The battle to protect Minnesota’s cherished lakes and rivers from ruinous invasive species such as zebra mussels has for years focused on cleaning and inspecting boats.

Now that high-stakes fight is shifting to boat design.

This week leaders in the boating industry will gather in Washington, D.C., to take the extraordinary step of examining how boats could be redesigned in ways that would make it harder for the aquatic pests to hide, even as inspections intensify for Minnesota’s 2.3 million boaters.

Gabriel Jabbour, a boat manufacturer who owns four marinas on Lake Minnetonka, has been one of the loudest voices calling for a fresh look at boat design.

“These are time bombs and they are a liability to the owners,” he said. “I believe this is a major consumer issue that no one is paying attention to.”

On Wednesday, the American Boat and Yacht Council, which develops widely used safety standards, will ask a national task force led in part by the U.S. Fish and Wildlife Service to bring together everyone from boat builders to scientists to draft design standards to slow the spread of aquatic invasive species.

“I don’t think it’s been on their radar,” John Adey, the council’s president, said about manufacturers. “There could be simple solutions we haven’t thought about.”

For instance, on pontoons — the fastest-growing sector of the boating industry — it’s increasingly popular to have lifting strakes that run along the side to help it go faster and turn, allowing water skiing or tubing.

But that same part is often sealed at one end and left with a tiny drainage hole at the other end that fingernail-sized zebra mussels can get into, multiply rapidly and be difficult — if not impossible — to flush out.

That kind of pontoon, if placed on Lake Minnetonka, may never be able to leave it since it’s illegal to transport contaminated boats.

“The boating industry has been saying ‘we make boats, you clean them,’ ” said Jabbour, who’s on a state Department of Natural Resources committee on aquatic invasive species. “But with some minor modifications, we could make an enormous stride in the time it takes to wash and inspect boats.”

While some manufacturers may not welcome design changes, it’s something Bob Menne says he’s been doing for years.

He is the owner of Wyoming, Minn.,-based Premier Marine, the fourth-largest pontoon manufacturer in the nation and the only one, he said, to weld strakes and keels to keep out zebra mussels.

“There’s quite a few manufacturers that watch this very closely and do due diligence to minimize any of this stuff,” he said. “But then there are some manufacturers that don’t do as good of a job. I think a lot of these companies are not doing it because of ignorance; they haven’t thought of it.”

The spread of invasives

In Minnesota, invasive species aren’t just an annoyance but a threat to property values and the livelihood of many resorts and other businesses that depend on pristine lakes.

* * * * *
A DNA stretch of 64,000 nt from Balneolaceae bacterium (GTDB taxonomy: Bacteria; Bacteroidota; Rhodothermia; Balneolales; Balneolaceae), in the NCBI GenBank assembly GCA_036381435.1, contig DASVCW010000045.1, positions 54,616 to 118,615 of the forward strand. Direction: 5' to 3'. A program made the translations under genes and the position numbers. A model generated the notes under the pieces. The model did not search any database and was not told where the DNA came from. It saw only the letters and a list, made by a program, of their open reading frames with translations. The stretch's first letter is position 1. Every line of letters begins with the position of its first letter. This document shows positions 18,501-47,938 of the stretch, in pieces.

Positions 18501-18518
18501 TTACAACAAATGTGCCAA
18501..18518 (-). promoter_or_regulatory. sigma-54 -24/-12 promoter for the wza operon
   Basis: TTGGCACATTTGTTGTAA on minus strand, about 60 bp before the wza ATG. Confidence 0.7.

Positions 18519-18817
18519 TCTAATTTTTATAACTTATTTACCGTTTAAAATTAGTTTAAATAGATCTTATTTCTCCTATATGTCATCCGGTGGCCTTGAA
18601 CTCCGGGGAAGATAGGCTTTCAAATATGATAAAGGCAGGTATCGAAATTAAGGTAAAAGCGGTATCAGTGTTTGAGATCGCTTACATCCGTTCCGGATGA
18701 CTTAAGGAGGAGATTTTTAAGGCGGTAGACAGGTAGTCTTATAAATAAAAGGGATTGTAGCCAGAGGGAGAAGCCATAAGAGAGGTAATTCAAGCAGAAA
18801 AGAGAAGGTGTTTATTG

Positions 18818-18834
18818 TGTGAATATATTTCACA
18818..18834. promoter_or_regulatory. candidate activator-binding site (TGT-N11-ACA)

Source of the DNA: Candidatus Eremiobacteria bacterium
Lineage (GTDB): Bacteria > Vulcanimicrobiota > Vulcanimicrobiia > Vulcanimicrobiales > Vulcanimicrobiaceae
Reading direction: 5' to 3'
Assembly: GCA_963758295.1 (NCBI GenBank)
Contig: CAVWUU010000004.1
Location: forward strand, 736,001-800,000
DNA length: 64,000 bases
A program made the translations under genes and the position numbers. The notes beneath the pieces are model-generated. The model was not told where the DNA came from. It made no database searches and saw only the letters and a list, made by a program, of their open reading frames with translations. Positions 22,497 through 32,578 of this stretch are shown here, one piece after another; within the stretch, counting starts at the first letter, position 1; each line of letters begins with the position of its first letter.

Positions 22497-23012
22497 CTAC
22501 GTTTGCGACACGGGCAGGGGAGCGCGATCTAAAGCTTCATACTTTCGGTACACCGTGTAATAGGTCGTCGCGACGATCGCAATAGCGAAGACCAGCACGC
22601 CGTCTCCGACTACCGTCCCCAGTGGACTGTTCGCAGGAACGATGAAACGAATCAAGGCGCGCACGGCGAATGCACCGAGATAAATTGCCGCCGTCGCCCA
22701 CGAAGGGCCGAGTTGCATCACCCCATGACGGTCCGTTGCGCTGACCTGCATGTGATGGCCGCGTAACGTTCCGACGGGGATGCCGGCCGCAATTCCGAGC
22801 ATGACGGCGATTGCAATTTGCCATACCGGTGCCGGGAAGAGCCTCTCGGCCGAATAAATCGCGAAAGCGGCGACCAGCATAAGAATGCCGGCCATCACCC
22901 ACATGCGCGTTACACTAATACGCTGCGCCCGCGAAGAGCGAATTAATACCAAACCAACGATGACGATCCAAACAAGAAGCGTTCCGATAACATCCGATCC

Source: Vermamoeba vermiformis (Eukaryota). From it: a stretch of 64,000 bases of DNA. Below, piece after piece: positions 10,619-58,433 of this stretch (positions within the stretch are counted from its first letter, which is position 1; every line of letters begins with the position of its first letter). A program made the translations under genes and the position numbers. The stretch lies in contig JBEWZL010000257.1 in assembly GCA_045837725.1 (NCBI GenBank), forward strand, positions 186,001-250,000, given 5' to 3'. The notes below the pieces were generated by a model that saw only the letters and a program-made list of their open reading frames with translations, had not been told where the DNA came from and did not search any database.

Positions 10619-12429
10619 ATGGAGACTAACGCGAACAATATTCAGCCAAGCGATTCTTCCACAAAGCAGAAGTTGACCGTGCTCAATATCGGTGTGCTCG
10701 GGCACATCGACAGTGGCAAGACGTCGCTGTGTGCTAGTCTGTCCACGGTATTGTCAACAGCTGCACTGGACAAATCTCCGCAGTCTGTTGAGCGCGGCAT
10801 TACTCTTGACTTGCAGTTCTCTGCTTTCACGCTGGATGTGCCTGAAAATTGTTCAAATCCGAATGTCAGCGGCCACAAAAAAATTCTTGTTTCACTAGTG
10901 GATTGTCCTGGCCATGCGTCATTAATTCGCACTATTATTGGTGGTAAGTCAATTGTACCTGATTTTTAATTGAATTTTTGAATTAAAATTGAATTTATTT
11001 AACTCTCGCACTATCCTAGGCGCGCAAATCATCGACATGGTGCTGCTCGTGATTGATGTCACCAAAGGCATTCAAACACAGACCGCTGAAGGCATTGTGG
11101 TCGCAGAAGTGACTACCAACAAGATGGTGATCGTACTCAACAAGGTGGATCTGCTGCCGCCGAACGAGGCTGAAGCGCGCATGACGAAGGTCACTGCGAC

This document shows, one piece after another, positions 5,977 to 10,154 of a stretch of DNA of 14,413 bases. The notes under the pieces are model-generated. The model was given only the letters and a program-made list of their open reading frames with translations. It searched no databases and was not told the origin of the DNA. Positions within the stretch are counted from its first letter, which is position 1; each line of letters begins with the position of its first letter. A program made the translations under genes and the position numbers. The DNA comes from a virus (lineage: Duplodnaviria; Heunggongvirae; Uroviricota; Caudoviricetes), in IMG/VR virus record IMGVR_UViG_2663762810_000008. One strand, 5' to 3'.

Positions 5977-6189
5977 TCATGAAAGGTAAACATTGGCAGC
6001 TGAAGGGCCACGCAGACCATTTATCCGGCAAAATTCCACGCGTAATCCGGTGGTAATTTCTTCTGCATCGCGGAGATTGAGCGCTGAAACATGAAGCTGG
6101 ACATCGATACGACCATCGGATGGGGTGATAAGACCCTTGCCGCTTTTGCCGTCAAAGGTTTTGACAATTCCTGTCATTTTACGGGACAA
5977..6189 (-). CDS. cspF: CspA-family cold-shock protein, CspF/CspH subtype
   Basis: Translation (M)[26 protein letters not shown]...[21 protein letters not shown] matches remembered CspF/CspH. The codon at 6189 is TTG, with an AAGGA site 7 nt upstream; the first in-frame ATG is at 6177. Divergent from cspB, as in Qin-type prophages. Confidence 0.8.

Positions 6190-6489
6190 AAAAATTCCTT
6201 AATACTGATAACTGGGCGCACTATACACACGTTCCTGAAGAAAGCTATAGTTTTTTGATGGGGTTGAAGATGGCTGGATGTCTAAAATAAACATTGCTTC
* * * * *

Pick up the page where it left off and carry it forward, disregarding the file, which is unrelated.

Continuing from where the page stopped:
Zebra mussels, perhaps the most dreaded invasive species in Minnesota, can attach to boats, docks, rocks, native clams and other solid surfaces. They proliferate by the millions, cluttering beaches with razor-sharp shells, clogging motors, changing the habitat for fish and insects, and jamming intake pipes for water.

Lake Minnetonka is one of about 40 state lakes and rivers infested with zebra mussels; the DNR suspects another 100 waterways connected to them also are infested. But there are several other invasive species here, and more are expected to come. That threat has triggered increasing inspections at boat launches and roadside checkpoints, educational campaigns and other efforts to limit the spread.

While those measures are valuable, Jabbour said, the next step needs to include boat builders.

At Tonka Bay Marina on Lake Minnetonka, he pointed to water that shoots out of motors that could be self-draining, as well as the crevices of a fishing boat that he said could be welded together.

“The boats coming in better be easier to deal with,” he said.

The state DNR agrees and sent a letter to the national task force to support looking at boat designs. The DNR’s Ann Pierce said they’ll also be studying this summer the risk that residual water poses and how it can be minimized.

Boat industry changes

Menne, who’s on the board of the National Marine Manufacturers Association, said he will bring up the issue at a Washington meeting Monday.

“It’s a high priority in Minnesota,” he said. “If [boat manu­facturers] want to sell their products in Minnesota, they are going to have to make some changes.”

Leaders of Menne’s group and the Water Sports Industry Association say they prefer looking into voluntary design standards that companies can phase in over time instead of new government regulations.

“It serves our best interest for boaters to have a boat design that makes it easy to follow the [decontamination rules],” said David Dickerson of the marine association. “We want to make it simple for the boaters.”

Technology is also helping.

One product that’s being tested on wakeboard boats, which collect extra water to create huge wakes, filters water to keep microscopic zebra mussel larvae and other invasives out.

But that’s just one solution to one type of boat. Industry experts say it will take bringing the entire industry, government groups and environmentalists together to address such a widespread problem.

“This is a national issue and frankly, it’s an international issue,” said Michael Hoff, the Fish and Wildlife Service’s Midwest aquatic invasive species program coordinator. “Every corner of every state is potentially impacted by better boat standards.”


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